SINGAPORE - The late pioneer generation diplomat Maurice Baker helped place Singapore on the world map during its early years of nationhood, said President Tony Tan Keng Yam.
In a Facebook post on Wednesday (July 12), the president paid tribute to Mr Baker, who died at the age of 97 the day before.
Dr Tan highlighted Mr Baker's achievements in diplomacy, in particular how he helped to rebuild Singapore's ties with Malaysia afterSeparation.
Mr Baker was appointed High Commissioner to Malaysia in 1969.
Singapore had separated from Malaysia just four years earlier, and its northern neighbour had declared a state of emergency after the 1969 racial riots.
"Amidst the tumultuous times, Mr Baker played a key role in rebuilding Singapore's ties with Malaysia. He was resourceful and tapped on his good personal relations with the Malaysian leaders," said Dr Tan.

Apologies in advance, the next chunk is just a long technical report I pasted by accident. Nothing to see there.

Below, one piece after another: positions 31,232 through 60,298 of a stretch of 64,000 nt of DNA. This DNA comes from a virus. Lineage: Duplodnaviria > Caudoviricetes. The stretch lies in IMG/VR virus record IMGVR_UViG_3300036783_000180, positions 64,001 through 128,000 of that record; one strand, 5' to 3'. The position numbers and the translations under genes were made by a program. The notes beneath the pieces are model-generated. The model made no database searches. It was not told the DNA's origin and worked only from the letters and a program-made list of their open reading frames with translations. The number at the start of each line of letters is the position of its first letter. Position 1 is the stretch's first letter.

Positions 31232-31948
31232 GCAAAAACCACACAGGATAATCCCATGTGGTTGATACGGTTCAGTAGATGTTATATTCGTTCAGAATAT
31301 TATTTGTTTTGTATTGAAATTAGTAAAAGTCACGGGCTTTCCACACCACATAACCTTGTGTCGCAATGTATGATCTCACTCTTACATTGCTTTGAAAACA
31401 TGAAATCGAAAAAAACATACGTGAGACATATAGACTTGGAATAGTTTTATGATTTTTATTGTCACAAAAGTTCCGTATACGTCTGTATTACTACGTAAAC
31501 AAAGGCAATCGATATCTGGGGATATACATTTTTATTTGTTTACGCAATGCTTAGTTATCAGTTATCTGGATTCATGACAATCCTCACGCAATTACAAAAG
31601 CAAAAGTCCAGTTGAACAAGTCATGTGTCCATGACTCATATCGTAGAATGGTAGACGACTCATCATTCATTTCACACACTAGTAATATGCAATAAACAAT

He added: "Despite the momentous contributions he made in that important chapter of Singapore's history, Mr Baker remained humble and once described himself as a 'novice' in international affairs during that period."
Mr Baker, who taught English language and literature at the then-University of Singapore, was also well respected in academia and well-loved by his students for his personable nature, wit, and engaging lessons, said the President.
"Singapore benefitted tremendously from Mr Baker's lifelong contributions to public service. He was a pioneer and role model to many in the diplomatic circle," he said.
Dr Tan called his passing a great loss to his family and to Singapore.
"But I am glad that his son Bernard is now continuing Mr Baker's legacy as a respected diplomat," he added.
The younger Mr Baker, 60, is Singapore's High Commissioner to New Zealand.
Dr Tan said that he and his wife Mary were deeply saddened by his death, and that their thoughts and prayer were with Mr Baker's wife Barbara and her family.